Abandoned Cars III

See the latest abandoned cars at Abandoned Cars I

Mercury refreshed its pre-war 1941 model — which was all new at the time — with a new grille and other styling tweaks for the first post-war cars built for model years 1946-48. This post-war coupe was discovered behind a barn in Ellendale, North Dakota. (Photos by Jim Meachen)

The compact Ford Falcon featured a more squared-off look for 1964, the first year of its second-generation. The '64 Falcon came in eight body styles and with five engine offerings (three inline 6-cylinder models and two V-8s). Transmissions included a two- and three-speed automatic and a three- and -four-speed manual. This abandoned copy was found in Rolla, Mo. (Photos By Jim Meachen)

This 1966 Ford Mustang resides on the side of a South Carolina road hoping someone will come along and give it the restoration it deserves. While the exterior seems to be in good condition, it will take some work and greenbacks to bring the interior back up to acceptable standards. (Photos by Ralph Gable)

This 1963½ Ford Galaxie was spotted in Newberg, Ore. It was the industry's first official "½ year" model and was called the "sports hardtop" or "fastback." Galaxie buyers showed their preference as the new sports hardtop models handily outsold the "boxtop" square-roof models. (Photo by Jim Prueter)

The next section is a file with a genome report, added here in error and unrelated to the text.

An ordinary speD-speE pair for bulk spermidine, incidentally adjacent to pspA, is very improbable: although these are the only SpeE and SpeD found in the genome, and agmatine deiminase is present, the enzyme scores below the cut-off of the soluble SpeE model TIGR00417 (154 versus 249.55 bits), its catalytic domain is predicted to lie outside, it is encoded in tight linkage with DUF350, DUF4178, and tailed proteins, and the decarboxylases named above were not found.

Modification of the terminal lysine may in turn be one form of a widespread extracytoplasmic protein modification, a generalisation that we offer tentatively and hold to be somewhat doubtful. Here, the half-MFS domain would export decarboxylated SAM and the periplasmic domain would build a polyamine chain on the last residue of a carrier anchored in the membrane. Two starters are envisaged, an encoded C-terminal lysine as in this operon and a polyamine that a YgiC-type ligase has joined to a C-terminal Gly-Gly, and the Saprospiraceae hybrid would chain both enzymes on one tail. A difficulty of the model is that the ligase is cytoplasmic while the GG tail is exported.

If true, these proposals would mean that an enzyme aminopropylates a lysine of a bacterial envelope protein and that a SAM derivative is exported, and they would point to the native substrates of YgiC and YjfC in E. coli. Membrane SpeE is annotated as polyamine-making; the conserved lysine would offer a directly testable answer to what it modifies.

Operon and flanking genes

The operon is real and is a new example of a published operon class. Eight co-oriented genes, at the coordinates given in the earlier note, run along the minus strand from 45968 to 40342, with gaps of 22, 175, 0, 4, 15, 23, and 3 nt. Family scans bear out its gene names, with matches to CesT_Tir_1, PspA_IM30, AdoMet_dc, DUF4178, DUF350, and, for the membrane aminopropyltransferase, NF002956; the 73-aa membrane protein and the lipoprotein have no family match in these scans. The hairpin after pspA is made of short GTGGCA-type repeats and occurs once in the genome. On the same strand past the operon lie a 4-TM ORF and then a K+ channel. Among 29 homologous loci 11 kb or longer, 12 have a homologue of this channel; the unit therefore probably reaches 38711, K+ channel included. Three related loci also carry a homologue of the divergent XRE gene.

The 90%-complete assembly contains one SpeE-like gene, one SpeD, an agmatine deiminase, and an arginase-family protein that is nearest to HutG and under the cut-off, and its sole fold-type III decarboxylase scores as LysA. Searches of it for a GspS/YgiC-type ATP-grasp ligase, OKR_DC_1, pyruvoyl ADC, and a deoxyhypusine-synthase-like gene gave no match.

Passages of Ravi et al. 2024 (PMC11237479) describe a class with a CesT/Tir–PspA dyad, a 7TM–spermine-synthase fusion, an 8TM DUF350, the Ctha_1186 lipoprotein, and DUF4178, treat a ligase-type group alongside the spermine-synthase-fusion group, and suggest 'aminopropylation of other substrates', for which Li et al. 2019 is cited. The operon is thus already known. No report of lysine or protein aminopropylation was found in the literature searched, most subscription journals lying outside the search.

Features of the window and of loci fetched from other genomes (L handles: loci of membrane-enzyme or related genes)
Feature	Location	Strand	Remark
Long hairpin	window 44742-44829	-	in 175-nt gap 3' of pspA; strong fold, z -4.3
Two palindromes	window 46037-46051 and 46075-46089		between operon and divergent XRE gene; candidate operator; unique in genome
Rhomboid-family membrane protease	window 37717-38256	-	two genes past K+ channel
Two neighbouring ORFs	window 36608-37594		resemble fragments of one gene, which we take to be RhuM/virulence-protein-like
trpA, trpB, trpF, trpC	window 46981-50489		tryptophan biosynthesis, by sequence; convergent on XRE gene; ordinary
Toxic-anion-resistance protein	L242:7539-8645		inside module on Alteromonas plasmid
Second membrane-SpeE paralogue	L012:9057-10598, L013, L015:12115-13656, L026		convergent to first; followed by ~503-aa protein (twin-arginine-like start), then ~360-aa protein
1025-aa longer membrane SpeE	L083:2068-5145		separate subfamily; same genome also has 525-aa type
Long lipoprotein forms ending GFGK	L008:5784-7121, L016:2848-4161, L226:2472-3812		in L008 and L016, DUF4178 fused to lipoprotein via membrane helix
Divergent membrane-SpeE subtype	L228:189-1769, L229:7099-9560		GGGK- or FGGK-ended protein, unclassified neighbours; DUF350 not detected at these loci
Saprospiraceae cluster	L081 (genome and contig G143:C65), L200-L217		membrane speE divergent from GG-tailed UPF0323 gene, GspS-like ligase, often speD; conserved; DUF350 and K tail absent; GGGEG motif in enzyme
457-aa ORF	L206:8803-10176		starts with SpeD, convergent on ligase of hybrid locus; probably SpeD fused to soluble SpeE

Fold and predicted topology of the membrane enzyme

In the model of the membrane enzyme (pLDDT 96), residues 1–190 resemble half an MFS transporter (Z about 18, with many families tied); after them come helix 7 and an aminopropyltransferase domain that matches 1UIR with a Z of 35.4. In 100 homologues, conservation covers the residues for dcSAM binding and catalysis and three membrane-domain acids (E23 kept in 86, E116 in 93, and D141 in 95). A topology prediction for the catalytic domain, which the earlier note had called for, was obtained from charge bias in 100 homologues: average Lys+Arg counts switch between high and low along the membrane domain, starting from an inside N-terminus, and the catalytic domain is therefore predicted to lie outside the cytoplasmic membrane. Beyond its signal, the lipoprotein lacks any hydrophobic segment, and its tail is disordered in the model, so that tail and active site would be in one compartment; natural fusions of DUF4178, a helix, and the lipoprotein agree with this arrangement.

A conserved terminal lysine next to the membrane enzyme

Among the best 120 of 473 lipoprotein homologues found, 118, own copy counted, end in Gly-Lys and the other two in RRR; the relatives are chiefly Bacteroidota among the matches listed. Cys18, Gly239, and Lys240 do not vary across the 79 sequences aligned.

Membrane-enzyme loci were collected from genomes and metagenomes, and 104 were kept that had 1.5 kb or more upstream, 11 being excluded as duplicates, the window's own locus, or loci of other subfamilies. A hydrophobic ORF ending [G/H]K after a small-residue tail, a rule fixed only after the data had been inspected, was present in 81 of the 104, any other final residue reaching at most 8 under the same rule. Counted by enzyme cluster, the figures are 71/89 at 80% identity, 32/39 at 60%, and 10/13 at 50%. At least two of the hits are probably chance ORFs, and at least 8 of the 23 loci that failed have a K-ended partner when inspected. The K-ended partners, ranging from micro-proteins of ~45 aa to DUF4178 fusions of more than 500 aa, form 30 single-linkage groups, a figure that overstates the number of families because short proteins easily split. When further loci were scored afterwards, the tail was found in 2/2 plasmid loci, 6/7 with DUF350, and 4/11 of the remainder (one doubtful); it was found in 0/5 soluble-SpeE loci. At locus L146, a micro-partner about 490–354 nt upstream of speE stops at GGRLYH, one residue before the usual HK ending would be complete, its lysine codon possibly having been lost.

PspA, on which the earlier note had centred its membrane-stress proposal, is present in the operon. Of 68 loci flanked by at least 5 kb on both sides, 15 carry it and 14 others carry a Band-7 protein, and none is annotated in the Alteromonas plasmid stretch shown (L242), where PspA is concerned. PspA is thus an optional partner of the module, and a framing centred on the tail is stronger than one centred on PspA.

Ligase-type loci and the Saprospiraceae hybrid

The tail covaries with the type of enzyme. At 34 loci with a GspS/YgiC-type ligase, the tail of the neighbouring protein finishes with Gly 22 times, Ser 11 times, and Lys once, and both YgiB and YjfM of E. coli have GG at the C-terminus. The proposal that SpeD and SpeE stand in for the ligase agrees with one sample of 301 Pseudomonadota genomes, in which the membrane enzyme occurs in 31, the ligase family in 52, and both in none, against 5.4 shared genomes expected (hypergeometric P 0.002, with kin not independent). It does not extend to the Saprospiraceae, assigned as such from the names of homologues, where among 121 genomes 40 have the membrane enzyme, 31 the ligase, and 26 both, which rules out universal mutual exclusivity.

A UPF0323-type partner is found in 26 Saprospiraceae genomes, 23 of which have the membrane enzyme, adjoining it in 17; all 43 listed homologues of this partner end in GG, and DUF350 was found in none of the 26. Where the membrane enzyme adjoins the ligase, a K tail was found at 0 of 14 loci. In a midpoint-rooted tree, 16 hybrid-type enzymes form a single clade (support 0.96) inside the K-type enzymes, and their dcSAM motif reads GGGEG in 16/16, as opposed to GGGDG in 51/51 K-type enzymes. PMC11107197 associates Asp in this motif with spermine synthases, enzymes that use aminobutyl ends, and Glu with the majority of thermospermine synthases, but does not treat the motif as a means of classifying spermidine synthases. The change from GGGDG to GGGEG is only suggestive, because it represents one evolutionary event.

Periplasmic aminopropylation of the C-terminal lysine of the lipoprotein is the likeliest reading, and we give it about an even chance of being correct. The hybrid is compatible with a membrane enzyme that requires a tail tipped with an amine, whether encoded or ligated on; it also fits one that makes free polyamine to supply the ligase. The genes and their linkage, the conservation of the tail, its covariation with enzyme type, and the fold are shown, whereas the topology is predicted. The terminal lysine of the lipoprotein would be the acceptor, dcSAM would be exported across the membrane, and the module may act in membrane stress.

This rusted-out 1940 Ford work truck was discovered at the Wigwam Motel along old Route 66 in Holbrook, Ariz. (Photos by Ted Biederman)

The Ford Galaxie was a full sized sedan built from 1959 through 1974. The third generation ran from 1965 through 1968 with the 1968 model getting a new grille and headlights arranged horizontally. This rusted 1968 model — in otherwise good condition — was found in retirement in South Carolina. (Photos by Ralph Gable)

This early 1980s Jeep Wagoneer lives in retirement in the weeds. The Wagoneer was built from 1963 through 1991, a sport utility vehicle (SUV) before the term was even coined. The wagon received only minor styling changes through the years. The Wagoneer was moved upmarket in its later years by AMC before Chrysler acquired AMC in 1987. The Wagoneer could be purchased with either a six-cylinder or V-8 engine in the early '80s and with a four-speed automatic transmission. (Photos by Jim Meachen)

The most interesting aspect of the 1959 Chevrolet was its "bat wing" fins, which took the popular late-50s tail fin design in a slightly new direction. This copy is slowly rusting away in a western North Carolina yard. (Photos by Ralph Gable)

This old bus has eluded the scrap yard by hiding in overgrown bushes and a couple of trees felled by storms over the years in eastern North Carolina. We were not able to determine the vintage of the destroyed people hauler — perhaps a school bus — but we do know it has come to an inglorious end. (Photos by Jim Meachen)


This 1960 Buick has been put out to pasture in eastern North Carolina  (Jim Meachen)

These Ford vehicles were found in retirement in eastern North Carolina. At right, a 1961-63 era Thunderbird rests next to a mid-60s era Ford pickup. (Photo by Ralph Gable)